Supermarket shop how much do you spend?

(92 Posts)
magazinefiend Sun 24-Feb-13 13:45:05

OK so its nosy to ask. But I am fed up of arriving home with weekly shop and having to confess to DH how much it cost. We are family of 5 (me, DH and 3 DS ages 7, 5 and 2) and if I count evrything including nappies and washing powder ( and the midweek topup for milk etc)that makes at least £145 that I am putting into the superms pockets every week. and we are not eating lobster. a weekly shop includes stuff for kids packed lunches, a bottle of whatever wine is on offer, and food that i cook- no ready meals unless you count fishfingers! i make a list and all the other tips telly give you. Please don't tell me to go to 3 diffrent places to get bargains because I really haven't time. and yes, I know there will be those of you on benefits etc who are now saying £145!! She doesn't know shes born etc, and Ladies ( and Gentlemen) if you are in this situation I applaud you because i don't know how you manage.

BamBamAndPebbles Sun 24-Feb-13 13:49:55

One man
One woman
One boy
One toddler
One Baby
One cat
One dog

Shopping £143 this morning. Will prob top up on fresh stuff mid week so maybe another £10. Plus £10 to school dinner money.

But that's everyone's food, drink, snacks, cleaning stuff, formula milk, nappies etc for the week.

Why are you "confessing" what it costs?

Myliferocks Sun 24-Feb-13 13:56:36

2 adults and 5 children ranging from 17-8 and a cat.
£90-110 per week plus another £10 top up during the week.

BamBamAndPebbles Sun 24-Feb-13 13:56:40

This is absolutely true-my dh has a little moan every week at the amount it costs. I said he should go then.

He went a couple if weeks ago and it came to £190!!!

He hasn't moaned at me since smile

Possiblyoutedled Sun 24-Feb-13 13:57:59

We have two dds 11 and 2 and me and dh. Always around one hundred but includes lunch for all of us as we take our own. Plus treats like wine and chocolate nappies cleaning etc. I don't believe it when people say they feed 6 for 30 quid tbh and I don't actually want to eat crap. We enjoy decent healthy food and pay for it so I don't care.

ouryve Sun 24-Feb-13 14:01:45

2 adults, 2 primary school boys. We average about £600 over the course of a month.

Dinner might be £15 for all of us one day and £3, the next. We don't need to budget, but do look for good offers and buy as much as possible in season (unless I fancy something ridiculous like babycorn in February - February's a month when eating seasonally is a bit tedious, though!)

MrsMargoLeadbetter Sun 24-Feb-13 14:03:01

£85ish for me, DH and DS (4.5). DS has school lunches 4 days a week, which is additional £8 pw.

Have managed to reduce from more by shopping online, we shop at sains so could reduce further if we went elsewhere.

123rd Sun 24-Feb-13 14:05:58

Family of four-me, dh, dd9& ds6 and it always come to around £120 ish and I do buy a mix of valve things-biscuits and brands -Heinz baked beans. I do look out for BOGOF offers so then towards the end of the month I try and have one week where I only buy the fresh fruit and veg and live out of the freezer for main meals.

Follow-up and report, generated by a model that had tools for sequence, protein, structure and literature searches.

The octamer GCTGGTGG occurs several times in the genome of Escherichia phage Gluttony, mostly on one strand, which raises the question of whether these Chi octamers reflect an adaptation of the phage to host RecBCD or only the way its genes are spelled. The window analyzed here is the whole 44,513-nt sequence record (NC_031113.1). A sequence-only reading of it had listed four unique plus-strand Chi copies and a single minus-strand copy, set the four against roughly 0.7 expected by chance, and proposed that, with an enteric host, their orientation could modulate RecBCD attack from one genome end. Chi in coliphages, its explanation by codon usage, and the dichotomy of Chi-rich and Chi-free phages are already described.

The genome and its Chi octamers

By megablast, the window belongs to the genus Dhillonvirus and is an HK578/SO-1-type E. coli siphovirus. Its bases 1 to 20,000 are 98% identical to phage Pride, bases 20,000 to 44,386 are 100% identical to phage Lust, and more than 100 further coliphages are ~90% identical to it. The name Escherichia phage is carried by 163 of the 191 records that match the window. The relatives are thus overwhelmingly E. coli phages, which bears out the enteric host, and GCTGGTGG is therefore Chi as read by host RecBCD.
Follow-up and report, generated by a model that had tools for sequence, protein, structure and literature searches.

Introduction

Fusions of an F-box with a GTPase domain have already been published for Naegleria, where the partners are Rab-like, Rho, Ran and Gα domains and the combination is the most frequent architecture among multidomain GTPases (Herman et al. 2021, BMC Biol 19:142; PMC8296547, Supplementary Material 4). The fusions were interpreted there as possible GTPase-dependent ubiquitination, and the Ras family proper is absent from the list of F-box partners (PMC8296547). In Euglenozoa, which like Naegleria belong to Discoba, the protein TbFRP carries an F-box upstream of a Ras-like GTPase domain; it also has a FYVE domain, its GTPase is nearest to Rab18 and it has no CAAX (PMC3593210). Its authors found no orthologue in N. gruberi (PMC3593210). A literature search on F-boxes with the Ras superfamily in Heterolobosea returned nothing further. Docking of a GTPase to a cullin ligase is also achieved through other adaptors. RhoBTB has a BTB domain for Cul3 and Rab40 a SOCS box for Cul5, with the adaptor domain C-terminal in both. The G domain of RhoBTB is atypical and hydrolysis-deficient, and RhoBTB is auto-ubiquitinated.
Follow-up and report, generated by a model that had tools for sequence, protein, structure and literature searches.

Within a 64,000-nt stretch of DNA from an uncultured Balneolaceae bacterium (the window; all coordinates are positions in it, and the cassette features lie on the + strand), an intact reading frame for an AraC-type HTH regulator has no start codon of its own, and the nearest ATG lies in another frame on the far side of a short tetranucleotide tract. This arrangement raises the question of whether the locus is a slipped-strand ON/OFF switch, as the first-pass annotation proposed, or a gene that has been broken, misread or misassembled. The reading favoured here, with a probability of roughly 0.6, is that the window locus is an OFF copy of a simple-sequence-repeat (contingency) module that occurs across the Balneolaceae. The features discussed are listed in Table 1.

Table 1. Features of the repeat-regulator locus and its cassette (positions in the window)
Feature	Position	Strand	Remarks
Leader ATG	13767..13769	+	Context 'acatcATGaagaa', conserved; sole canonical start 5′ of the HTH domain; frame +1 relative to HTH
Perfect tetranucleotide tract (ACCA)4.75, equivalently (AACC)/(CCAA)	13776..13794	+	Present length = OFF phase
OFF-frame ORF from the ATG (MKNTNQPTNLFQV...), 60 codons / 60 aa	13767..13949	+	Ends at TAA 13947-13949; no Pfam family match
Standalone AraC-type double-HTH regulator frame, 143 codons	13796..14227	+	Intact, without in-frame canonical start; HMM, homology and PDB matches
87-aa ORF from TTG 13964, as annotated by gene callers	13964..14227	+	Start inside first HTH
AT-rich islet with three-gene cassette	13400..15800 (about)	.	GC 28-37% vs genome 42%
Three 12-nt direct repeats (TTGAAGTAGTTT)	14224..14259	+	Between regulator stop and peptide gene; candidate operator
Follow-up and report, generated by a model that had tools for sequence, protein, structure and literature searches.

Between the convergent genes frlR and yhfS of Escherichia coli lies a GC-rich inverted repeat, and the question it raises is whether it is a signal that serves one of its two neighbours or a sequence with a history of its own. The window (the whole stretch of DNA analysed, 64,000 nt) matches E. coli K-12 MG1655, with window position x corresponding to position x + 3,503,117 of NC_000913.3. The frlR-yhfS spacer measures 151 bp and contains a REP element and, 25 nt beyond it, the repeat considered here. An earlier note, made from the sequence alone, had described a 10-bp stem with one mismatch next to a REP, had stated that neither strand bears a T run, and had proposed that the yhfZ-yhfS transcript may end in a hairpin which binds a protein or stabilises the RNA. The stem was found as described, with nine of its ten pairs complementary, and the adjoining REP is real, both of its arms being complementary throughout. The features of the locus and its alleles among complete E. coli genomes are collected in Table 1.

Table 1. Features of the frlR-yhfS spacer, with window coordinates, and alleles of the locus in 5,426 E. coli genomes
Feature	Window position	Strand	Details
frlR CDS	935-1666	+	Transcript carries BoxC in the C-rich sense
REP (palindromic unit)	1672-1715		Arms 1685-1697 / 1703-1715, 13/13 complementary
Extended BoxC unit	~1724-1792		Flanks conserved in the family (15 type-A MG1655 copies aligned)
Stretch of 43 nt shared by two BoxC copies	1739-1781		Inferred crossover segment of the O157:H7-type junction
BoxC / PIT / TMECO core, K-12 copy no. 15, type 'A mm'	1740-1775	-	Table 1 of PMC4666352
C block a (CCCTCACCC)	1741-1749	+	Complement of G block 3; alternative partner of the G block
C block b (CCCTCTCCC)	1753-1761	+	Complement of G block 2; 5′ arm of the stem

Coconutty Sun 24-Feb-13 14:06:35

Over 200 a week for 4 of us, so much money and seems like a waste.

Springsister Sun 24-Feb-13 14:07:28

£80 for big shop. 2 adults, one boy, one toddler, one cat.
Plus £30 top up midweek.
Dh buys us sat evening meal usually around £15.
So we spend around £125 pw.

KnittedCharacter Sun 24-Feb-13 14:11:00

Me, dp and six month old ds approx £80 - £90.

Alibabaandthe40nappies Sun 24-Feb-13 14:13:57

Why are you 'confessing'? You are buying food for your family, not gambling or blowing it all on shoes. Presumably your DH is also eating what you are buying?

There are 4 of us - me, DH, DS1 4, and DS2 23 months. I spend roughly £130 a week, that includes nappies but not booze.

Sulawesi Sun 24-Feb-13 14:14:25

I seem to be posting this every other day at the moment!

5 of us, twin 10 yr old boys, 8 yr old boy.
2 dogs

£200 per week at Ocado and Abel and Cole. Can be up to £1000 a month f we have friends or family over for dinner or to stay the weekend. Hardly eat out at all and only the odd take-away.

Always buy free-range meat, organic milk and fruit and veg. Lots of fresh fish, fresh pasta. Love good food, need to cut back but find it very hard I must confess blush.

DH works at home and I'm at home so we eat every meal here. Wonder if people include their work lunches when they are adding up the price of their weekly food bill?

Yama Sun 24-Feb-13 14:17:16

We shop in Aldi (main) and Lidl (stuff like Greek yoghurt and kale).

This week it was £89 in Aldi and £18 in Lidl.

This includes all meals and lunches for 2 adults and two children. Also, any cleaning products and, usually, 2 bottles of wine. There were a few extras this week as dh is having friends round one night.

We do not buy any sweets, chocolates, crisps, cakes, biscuits or juice.

It wasn't that long ago that our Aldi shop was £60.

Dothraki Sun 24-Feb-13 14:23:44

4 adults £45. I do not buy crap - or snacks, biscuits,crisps, or ready meals. I enjoy cooking and make everything from scratch.

MrsMarigold Sun 24-Feb-13 14:26:01

Similar sized family. I do one big online shop per month - £200 for nappies, wipes, cleaning products, clingwrap, loo roll, tinned stuff and pasta etc.
£25 per week on veg/fruit box delivery
£50 per week on other fresh stuff, meat, fish, yoghurt, milk and bread.
£40 per month on snacks - DH gets v excitable if there aren't any - these include olives, dried fruit, pistachios, cashews, fancy cheese (comte/manchego/gruyere) and quince paste. I would not buy these normally but it's worth it to keep the peace. *Top tip nuts from Lidl are tastier and better value.

So about the same. DH usually takes us out to lunch on Saturday.

He thinks I'm profligate with my housekeeping money but by the time I've done the grocery shopping and got shoes/clothes for the children, there isn't much left so I hardly ever buy stuff for myself. Make-up etc is horrendously expensive.